Adams Papers
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To John Adams from James McHenry, 20 October 1797

Near Downingtown 20 October 1797


I received by yesterdays mail your dispatch of the 20 September Ult. Major Lovell sent it from [Pittsburg and expected] to be here in a few days.

[The Spaniards it seems have thought proper to make a new move on the Chessboard and fall down] the Mississippi. I shall offer no opinion as to its object: It is enough that it serves to discredit them among the Northwestern Indians who [will find] some difficulty to reconcile [this procedure] with their late talks and promises to them. It will besides if these Indians contemplated war with the United States under Spanish support induce them to reflect more seriously before they attempt it.

[You ask] as if this movement was a prelude to war Should “our troops on the Mississippi have been attacked and I received information through channels of unquestionable authority, what am I to do? Shall I present the other cheek or will the President give me leave to display the American stripes at St. Louis, St. Genevieve and New Madrid.”

What reason is there for thinking that Spain intends at this <time> moment to commence hostilities against the United States? Is it her strength on the Mississippi? Is it the number and eagerness of her subjects and settlers on its banks for war with the United States? Is it support which she may have in view from disaffected people in the United States? Is it any or all these which could induce her to enter on such an experiment?

It appears [through different channels of] intelligence that the whole effective force of the Spaniards on the Mississippi is utterly incompetent to the defence of her own possessions in that quarter and consequently [inadequate to offensive operations] It appears by information [communicated in your letter] of the 6 and 9 September ultimo [that the Spanish Troops which have fallen down the] Mississippi under Colonel [Howard are of] a cast by no means calculated to produce fear. It appears by an account in your letter just received that the young men inhabitants on the Spanish side of the Mississippi had [retired] to the woods on the approach of Colonel Howards detachment to avoid military service. It is also notorious that the Settlers at the Natches will not be easily induced to fight [under] their standard.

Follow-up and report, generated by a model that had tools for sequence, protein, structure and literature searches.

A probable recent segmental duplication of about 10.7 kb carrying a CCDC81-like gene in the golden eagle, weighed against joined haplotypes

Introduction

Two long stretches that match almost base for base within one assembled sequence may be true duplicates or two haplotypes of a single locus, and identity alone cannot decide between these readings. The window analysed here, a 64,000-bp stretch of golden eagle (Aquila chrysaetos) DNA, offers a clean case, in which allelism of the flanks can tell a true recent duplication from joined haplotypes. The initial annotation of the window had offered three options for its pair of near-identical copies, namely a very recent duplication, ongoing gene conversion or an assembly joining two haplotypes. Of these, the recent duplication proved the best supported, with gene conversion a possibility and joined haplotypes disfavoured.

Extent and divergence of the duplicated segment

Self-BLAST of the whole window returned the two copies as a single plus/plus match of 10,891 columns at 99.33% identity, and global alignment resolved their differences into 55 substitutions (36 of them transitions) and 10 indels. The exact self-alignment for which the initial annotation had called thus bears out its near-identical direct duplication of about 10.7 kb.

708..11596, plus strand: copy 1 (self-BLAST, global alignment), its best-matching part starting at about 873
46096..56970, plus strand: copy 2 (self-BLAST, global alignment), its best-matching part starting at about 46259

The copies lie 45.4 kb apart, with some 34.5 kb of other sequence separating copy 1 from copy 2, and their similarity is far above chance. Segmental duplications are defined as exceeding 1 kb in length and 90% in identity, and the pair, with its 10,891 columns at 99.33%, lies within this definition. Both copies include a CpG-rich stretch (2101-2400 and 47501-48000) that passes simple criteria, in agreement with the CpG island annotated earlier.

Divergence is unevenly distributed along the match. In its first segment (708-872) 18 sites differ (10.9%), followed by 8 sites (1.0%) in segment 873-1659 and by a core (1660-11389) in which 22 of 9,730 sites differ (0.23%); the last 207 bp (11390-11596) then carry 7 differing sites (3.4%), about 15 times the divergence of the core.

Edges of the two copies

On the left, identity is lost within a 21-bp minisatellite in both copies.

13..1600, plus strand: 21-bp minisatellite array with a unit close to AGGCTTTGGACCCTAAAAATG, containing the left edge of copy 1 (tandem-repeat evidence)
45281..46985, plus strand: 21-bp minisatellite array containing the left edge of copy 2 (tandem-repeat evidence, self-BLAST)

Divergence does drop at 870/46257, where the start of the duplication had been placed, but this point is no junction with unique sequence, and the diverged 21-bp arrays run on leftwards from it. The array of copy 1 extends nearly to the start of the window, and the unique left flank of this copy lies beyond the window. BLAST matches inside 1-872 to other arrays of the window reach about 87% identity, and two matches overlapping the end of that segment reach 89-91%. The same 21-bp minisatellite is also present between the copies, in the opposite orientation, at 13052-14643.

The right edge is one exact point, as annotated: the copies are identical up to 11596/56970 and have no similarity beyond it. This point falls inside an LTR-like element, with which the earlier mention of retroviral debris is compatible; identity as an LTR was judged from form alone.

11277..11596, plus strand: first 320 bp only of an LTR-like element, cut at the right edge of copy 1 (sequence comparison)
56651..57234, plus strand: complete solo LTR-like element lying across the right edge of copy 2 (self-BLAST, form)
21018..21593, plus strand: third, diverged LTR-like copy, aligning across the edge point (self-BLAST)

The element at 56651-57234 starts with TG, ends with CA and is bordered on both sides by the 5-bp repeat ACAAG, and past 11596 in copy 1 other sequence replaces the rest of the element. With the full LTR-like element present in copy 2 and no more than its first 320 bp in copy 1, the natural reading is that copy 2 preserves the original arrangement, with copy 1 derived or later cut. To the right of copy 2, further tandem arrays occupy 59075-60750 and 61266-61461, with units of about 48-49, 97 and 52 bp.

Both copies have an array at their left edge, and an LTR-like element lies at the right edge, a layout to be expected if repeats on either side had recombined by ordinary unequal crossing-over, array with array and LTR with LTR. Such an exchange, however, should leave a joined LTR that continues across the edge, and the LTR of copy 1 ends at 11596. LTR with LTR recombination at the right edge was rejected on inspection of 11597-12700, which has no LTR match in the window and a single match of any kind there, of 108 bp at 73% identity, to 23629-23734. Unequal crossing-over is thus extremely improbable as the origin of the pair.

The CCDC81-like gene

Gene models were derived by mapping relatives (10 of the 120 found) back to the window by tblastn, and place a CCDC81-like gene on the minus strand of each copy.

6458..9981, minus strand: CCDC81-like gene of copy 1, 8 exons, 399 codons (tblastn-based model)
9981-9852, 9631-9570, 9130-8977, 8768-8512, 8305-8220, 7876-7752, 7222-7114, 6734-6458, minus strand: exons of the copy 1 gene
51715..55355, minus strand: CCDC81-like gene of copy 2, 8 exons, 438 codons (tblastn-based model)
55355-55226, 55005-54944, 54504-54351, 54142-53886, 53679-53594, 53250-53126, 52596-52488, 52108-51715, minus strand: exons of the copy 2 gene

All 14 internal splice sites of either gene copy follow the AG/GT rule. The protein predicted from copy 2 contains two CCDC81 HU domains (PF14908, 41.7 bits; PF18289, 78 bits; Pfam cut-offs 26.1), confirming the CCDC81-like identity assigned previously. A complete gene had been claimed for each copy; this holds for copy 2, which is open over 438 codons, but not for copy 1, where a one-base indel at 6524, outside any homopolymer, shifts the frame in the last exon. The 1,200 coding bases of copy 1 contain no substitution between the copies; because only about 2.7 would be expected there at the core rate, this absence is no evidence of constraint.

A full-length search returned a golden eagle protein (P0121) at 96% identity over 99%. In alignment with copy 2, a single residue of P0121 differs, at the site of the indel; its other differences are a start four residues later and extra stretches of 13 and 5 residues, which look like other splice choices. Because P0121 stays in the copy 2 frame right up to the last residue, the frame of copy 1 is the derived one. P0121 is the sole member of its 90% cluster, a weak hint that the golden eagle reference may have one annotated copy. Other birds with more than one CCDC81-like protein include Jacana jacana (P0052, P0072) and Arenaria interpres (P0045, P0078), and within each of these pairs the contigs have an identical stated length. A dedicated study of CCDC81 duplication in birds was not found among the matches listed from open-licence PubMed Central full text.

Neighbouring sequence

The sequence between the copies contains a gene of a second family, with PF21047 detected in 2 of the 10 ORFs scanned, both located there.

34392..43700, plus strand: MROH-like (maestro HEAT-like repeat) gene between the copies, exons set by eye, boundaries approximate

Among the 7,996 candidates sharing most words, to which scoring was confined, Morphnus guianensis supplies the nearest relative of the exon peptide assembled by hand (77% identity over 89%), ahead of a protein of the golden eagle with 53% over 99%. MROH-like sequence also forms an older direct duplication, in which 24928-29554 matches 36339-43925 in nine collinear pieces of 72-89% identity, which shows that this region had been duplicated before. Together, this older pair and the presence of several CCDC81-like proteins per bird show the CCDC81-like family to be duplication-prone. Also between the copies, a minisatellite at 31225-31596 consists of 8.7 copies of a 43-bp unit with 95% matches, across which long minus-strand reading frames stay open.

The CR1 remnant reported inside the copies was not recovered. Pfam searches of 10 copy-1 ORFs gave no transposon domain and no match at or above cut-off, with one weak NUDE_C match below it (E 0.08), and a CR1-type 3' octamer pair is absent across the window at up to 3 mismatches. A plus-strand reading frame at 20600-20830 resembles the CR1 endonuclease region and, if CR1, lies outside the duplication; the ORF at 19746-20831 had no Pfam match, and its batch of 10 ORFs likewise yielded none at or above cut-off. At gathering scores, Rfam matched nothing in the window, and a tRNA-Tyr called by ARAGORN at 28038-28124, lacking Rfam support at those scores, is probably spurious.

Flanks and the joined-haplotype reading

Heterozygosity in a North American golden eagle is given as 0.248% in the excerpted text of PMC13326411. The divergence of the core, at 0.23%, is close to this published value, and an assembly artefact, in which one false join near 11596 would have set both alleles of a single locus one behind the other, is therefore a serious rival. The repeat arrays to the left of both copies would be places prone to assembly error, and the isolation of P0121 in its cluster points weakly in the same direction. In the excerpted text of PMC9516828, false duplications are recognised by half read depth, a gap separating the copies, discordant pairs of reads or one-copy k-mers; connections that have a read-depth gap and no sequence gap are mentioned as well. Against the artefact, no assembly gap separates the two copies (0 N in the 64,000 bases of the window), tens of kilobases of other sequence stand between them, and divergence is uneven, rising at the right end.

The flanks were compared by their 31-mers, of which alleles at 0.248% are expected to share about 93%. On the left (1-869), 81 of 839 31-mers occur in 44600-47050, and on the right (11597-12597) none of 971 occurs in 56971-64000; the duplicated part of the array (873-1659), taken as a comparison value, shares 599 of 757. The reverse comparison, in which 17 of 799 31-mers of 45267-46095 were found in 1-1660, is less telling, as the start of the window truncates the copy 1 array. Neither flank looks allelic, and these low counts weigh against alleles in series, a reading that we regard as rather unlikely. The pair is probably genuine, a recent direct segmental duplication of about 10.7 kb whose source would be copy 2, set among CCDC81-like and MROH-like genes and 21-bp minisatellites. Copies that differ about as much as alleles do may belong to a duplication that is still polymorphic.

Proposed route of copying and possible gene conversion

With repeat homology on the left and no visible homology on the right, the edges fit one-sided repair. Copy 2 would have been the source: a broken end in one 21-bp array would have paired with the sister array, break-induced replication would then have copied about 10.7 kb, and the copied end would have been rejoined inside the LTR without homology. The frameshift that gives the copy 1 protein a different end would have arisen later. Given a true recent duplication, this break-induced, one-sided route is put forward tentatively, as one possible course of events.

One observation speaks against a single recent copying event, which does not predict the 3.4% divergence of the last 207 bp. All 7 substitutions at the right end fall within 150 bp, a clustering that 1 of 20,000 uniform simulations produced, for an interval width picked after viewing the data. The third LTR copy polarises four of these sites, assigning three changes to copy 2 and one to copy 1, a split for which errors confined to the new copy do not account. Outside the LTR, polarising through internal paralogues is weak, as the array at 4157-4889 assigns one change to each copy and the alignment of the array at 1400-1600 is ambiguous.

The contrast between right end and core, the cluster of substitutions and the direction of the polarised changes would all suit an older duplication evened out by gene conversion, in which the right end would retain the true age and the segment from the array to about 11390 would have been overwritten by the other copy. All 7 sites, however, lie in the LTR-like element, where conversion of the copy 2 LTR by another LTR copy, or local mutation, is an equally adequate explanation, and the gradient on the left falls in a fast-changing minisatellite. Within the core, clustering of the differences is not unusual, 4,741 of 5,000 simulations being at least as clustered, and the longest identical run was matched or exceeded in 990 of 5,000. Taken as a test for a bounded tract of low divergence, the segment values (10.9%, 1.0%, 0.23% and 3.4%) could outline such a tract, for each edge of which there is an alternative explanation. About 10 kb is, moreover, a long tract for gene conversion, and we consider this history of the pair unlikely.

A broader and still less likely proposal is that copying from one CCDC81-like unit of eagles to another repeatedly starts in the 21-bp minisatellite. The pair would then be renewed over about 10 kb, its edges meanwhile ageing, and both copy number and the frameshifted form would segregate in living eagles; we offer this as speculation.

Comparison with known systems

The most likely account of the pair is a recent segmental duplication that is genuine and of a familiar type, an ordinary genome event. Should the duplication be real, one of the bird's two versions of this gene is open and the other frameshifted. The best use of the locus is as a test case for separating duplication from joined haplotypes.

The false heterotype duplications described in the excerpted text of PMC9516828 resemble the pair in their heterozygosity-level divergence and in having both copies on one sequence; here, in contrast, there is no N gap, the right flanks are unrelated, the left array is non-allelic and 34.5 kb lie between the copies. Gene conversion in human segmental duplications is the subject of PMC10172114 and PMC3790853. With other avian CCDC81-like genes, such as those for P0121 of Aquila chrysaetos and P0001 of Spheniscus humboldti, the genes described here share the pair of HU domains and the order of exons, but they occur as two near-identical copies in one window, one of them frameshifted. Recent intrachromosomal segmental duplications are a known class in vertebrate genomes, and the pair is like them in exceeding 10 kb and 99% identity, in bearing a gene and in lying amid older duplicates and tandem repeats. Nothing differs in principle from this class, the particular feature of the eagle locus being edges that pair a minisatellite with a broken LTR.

With respect to their receiving aid directly or indirectly from the disaffected or traitors among ourselves. There have been no doubt Spanish Agents who at different times have endeavoured to persuade the people of a certain section of the Union to pursue a different mode to obtain the free navigation of the Mississippi from that pursued by the Government: There have also been some partizans of their Schemes among our own Citizens who have encouraged the idea of a secession of the western people from the Union. These attempts however have not succeeded. The great body of the people of the Western Country have discovered that their peculiar interest will be better promoted and independence more effectually secured by remaining united with their Brethren of the United States than by a secession from them and holding a kind of Independence (could that be accomplished) under the guarantee of a foreign Nation. Such being the fact Spain can count but little on this resource or rather if her Agents have been faithful in their reports to her she must have subscribed to honest policy which will ensure to her the lasting friendship of the United States.